No place for doubts, I totally support the subscription system. In fact, I admire Rupert Murdoch’s efforts. He fights for journalism, he fights for principles and he actually does something about it. Many people say that his only goal is making money and, certainly, he has a pretty big revenue from his television network broadcasting. I don't see anything bad in that. How about the newspapers?
The Wall Street Journal has started their tablet edition subscription in 2009, initially for users of kindles and claimed people actually are interested to pay for content. For the last year, however, their number has increased rapidly to reach 200 000 subscribers, sais publisher Les Hinton. The subscribers pay a $3,99 per week in order to have Journal's iPad app. So yes, it works.
An amusing thing about Australians seems to be they are not very well received whenever around the world they go, but they seem to feel perfectly happy outside their own country. Assange still seeks refuge; Murdoch, after trying to remain in Britain, finds his paradise in the US, where Fox is brought into the world and now conquers it. Another figure that I find really inspiring is the Editor-in-Chief of Dow Jones, Robert J. Thomson, Australian. He revolutionized the online edition of the British Times and also worked in the American Financial Times. Doing a homework, I recently watched a conference he talked on and saying that I was impressed will not be enough. Honestly, he may be working for News Corp, but I doubt that his words are of a man that blindly praises his boss. I leave a couple of videos for you to see.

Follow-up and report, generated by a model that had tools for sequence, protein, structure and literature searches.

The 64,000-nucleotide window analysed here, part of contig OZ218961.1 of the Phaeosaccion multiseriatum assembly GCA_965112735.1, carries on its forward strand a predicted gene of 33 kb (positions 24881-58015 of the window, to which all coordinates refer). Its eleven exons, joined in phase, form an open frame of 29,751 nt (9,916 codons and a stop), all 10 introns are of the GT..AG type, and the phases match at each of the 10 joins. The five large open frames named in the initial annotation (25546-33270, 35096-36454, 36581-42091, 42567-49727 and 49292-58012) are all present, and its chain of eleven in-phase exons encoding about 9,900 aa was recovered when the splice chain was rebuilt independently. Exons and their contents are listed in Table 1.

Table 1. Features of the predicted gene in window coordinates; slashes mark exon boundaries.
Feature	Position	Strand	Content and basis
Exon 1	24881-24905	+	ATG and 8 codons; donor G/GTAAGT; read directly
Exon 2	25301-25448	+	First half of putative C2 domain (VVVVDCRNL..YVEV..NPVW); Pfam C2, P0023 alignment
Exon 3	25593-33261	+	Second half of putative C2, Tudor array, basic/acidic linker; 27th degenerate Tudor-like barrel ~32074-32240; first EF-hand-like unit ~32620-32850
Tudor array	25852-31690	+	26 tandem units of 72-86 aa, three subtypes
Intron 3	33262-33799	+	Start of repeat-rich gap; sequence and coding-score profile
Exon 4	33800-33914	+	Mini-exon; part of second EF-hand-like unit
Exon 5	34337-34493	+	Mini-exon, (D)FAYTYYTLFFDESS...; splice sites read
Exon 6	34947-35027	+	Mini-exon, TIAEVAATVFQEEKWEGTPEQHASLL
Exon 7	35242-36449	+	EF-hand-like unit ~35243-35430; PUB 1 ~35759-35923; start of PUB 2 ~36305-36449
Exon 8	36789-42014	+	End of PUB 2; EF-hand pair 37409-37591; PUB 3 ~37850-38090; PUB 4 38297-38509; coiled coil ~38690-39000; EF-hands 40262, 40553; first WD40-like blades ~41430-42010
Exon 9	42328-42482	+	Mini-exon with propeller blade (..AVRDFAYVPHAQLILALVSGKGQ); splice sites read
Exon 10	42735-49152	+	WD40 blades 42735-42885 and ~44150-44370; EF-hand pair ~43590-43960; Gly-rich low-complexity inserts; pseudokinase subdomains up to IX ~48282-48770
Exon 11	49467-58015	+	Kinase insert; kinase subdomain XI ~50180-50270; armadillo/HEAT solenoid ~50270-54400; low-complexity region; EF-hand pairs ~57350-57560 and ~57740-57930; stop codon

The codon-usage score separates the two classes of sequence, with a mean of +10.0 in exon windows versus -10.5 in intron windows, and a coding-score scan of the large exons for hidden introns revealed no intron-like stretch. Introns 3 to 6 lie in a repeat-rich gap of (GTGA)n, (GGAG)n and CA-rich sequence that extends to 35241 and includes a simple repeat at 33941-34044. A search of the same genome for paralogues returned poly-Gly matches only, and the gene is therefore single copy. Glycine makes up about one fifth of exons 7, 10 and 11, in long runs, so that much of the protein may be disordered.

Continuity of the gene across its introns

P.S. While writing this post I wanted to get some more information on Politics on the Internet.
The economist’s article that would have been a great source of analysis is only available for subscribers. Funny, isn’t it? 
Saturday, 12 March 2011 | By: Julie

The Unemployed Factory

A good way to start a blog is to put together some very nice pictures, a video with an amazing experiment that shows future is bright and shiny and that we are the ones to build it. Fantastic!
Journalism students are required to start a weblog in order to practice their skills and what they have learnt in class and to participate in some way in the network of what is now called “citizen” or “participatory” journalism. That is the way to get involved bit by bit in their future profession. Even better!
Now, how about a darker perspective?